The microbial relative abundance at genus level between: H = Healthy samples; SM = Sub-Clinical mastitis samples; CM = Clinical mastitis samples; * indicates statistical significance (p ≤ 0.05).
Microbiota composition at the genus level for the 16S rRNA gene: Class 1, with a SCC < 100,000, Class 2, with a SCC between 100,000 and 500,000, Class 3, with a SCC between 500,000 and 1,000,000 and Class 4, with a SCC > 100,000,000.
No “core microbiota” could be defined following a classification of samples in SCC classes. As compared to SCC class 1, the relative abundance of Jeotgalicoccus was decreased from 0.85% of Class 1 to 0.56% of class 4. The relative abundance of Corynebacterium, Solibacillus, SMB53 and Clostridium was decreased as well from class 1 to class 4. On the contrary, the relative abundance of Lactococcus was increased, from 0.24% of class 1 to 14.35% of class 4, although it must be said that only differences between class 1 and class 3, and 3 to class 4 were statistically significant.
Discriminant analysis and clustering of samples
Alpha diversity analysis showed that H and CM samples were statistically different with 445.76 (STD = ± 140.82) and 198.89 (STD = ± 186.28) observed OTUs (p = 0.006) and 5.72 (STD = ± 1.33) and 4.08 (STD = ± 2.05) Shannon index (p = 0.03), respectively. Statistical differences were also found comparing H with SM group (p = 0.018) with 445.76 and 317.15 (STD = ± 178.70) observed OTUs, respectively. Alpha diversity is plotted in Fig 5 using Shannon index. On the contrary, it is not possible to discriminate between SM and CM samples. As the definition of subclinical mastitis is not homogeneous, an alternative classification of non-mastitic samples was carried out, using parameters that are independent from microbiological results, alternatively classifying the healthy and sub-clinical mastitis samples in four different grouping based on SCC. Results are presented in S2 Fig. Class 1 (SCC < 100,000 cells/ml) and 4 (SCC > 1,000,000 cells/ml) were statistically different with 468.19 (STD = ± 126.31) and 266.93 (STD = ± 159.87) observed OTUs (p = 0.006) and 6.61 (STD = ± 1.11) and 4.91 (STD = ± 1.6) Shannon index (p = 0.006), respectively. Also class 1 and 3 (SCC between 500,000 and 1,000,000 cells/ml) were statistically different, with 6.61 (STD = ± 1.11) and 4.29 (STD = ± 1.3) Shannon index (p = 0.006), respectively. Class 2 (SCC between 100,000 and 499,000 cells/ml) and 4 were statistically different for observed OTUs, 391.15 (STD = ± 166.03) and 266.93 (STD = ± 159.87), respectively (p = 0.03).
Rarefaction curves of samples with regards to quarter patho-physiological status (CM: clinical mastitis; H: healthy; SM: sub-clinical mastitis), as defined by the Shannon index. Statistical difference is present between H and CM groups (p = 0.03).
Beta diversity analysis was carried out comparing milk samples from healthy and clinical and sub-clinical quarters, using the weighted and unweighted Unifrac distance metric. The results provided the evidence that it is possible to discriminate between the groups (Adonis: R2 = 0.09 and p = 0.001; ANOSIM: R = 0.15 and p = 0.003 for weighted Unifrac; Adonis: R2 = 0.09 and p = 0.001; ANOSIM: R = 0.09 and p = 0.0012 for unweighted Unifrac). Beta diversity is plotted in using unweighted Unifrac Fig 6 (Panel A): the first component (C1) explains the 31.9% of the variability and separate healthy from clinical mastitis milk samples, even if some overlaps are present. On the other hand, the second component (C2) explains the 8.9% and separates clinical mastitis samples from the others, although with some overlaps. Considering only H and CM groups, where C1 = 34.1% and C2 = 9.9%, the separation of healthy and clinical mastitis samples is improved as shown in Fig 6 (Panel B) (Adonis: R2 = 0.09 and p = 0.001; ANOSIM: R = 0.15 and p = 0.003 for weighted Unifrac; Adonis: R2 = 0.17 and p = 0.001; ANOSIM: R = 0.37 and p = 0.001 for unweighted Unifrac), showing that H quarters can be discriminated from CM quarters by C1. Box Plot representing C1 and C2 axes are presented in S3 Fig. Beta diversity analysis was also carried out comparing the four SCC groups derived from all clinically healthy quarters, using the weighted and unweighted Unifrac distance metric (Adonis: R2 = 0.08 and p = 0.001; ANOSIM: R = 0.09 and p = 0.003 for weighted Unifrac; Adonis: R2 = 0.08 and p = 0.001; ANOSIM: R = 0.06 and p = 0.017 for unweighted Unifrac). Results are presented in S4 Fig and show that the distribution of class 3 (SCC between 500,000 and 1,000,000 cells/ml) and 4 (SCC > 1,000,000 cells/ml) was more scattered in the plot compared to class 1 (SCC < 100,000 cells/ml) and 2 (SCC between 100,000 and 499,000 cells/ml), which were more homogeneous, and better clusterized by C1 (component one) axis that explains the 36.4% of the variability. C2 (component two) axis cannot discriminate between groups. Box Plot representing C1 and C2 axes are presented in S4 Fig.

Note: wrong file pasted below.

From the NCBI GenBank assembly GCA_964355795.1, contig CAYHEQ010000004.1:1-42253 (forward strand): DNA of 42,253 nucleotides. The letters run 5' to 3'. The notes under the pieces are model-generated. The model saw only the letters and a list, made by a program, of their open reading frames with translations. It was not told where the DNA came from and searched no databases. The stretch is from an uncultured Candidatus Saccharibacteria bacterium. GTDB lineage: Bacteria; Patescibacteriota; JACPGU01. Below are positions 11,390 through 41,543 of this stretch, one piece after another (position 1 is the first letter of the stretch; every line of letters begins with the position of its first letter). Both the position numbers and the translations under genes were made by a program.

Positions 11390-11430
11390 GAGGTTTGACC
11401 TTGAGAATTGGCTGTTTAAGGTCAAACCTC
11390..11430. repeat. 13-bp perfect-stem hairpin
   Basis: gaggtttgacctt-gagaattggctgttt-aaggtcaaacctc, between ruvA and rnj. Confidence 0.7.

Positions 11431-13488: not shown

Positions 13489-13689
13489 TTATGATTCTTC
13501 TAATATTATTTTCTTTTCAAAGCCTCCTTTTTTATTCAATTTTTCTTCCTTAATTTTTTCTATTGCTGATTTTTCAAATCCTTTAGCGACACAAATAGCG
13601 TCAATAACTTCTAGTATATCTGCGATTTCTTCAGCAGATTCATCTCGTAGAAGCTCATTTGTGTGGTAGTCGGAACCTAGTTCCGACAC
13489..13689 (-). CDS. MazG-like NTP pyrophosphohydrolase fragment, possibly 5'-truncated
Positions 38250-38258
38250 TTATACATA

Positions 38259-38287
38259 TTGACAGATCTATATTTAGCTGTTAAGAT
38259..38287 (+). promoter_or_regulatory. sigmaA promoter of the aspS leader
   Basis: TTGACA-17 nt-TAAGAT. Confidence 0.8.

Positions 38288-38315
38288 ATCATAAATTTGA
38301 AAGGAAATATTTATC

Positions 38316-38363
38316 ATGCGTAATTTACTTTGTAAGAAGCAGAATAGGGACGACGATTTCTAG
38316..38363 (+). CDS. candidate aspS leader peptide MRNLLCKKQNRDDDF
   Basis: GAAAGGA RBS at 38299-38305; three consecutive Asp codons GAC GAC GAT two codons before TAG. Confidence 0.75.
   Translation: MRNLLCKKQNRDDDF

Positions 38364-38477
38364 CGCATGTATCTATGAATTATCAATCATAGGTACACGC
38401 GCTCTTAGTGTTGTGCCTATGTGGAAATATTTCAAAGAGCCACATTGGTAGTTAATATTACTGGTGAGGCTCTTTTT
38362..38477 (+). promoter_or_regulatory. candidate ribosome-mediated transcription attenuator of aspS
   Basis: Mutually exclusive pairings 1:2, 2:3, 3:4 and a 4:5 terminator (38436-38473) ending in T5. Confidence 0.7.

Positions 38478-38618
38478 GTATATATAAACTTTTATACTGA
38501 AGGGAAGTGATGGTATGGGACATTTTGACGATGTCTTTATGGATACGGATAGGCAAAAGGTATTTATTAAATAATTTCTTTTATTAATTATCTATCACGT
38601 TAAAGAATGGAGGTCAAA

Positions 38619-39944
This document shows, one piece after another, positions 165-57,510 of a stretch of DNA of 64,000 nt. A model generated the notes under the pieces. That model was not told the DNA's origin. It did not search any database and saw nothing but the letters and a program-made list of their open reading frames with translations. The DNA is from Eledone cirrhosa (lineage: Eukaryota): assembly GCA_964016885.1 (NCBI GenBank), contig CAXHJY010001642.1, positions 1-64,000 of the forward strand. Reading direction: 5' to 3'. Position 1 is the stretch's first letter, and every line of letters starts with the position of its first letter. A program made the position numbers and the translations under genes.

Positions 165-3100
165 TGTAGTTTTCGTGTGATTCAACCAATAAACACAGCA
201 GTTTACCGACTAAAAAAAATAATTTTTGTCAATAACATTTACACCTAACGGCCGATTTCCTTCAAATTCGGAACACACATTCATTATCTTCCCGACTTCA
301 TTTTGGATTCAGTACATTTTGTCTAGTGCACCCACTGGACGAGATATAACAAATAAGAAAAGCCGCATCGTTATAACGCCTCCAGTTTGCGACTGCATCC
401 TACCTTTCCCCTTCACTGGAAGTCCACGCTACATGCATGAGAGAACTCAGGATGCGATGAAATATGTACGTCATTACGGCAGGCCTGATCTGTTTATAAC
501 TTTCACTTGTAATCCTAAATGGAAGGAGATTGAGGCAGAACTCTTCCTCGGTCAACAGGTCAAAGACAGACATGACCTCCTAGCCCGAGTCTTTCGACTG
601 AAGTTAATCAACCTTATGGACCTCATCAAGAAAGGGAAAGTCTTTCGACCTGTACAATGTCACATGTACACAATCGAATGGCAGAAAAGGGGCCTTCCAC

Unweighted Unifrac analysis including H (Healthy) and CM (Clinical mastitis) samples. Adonis: R = 0.17 p = 0.001 ANOSIM: R = 0.37 p = 0.001. Panel A: results including H, SM and CM quarters. Panel B: results including only H and CM. o = CM; + = SM; Δ = H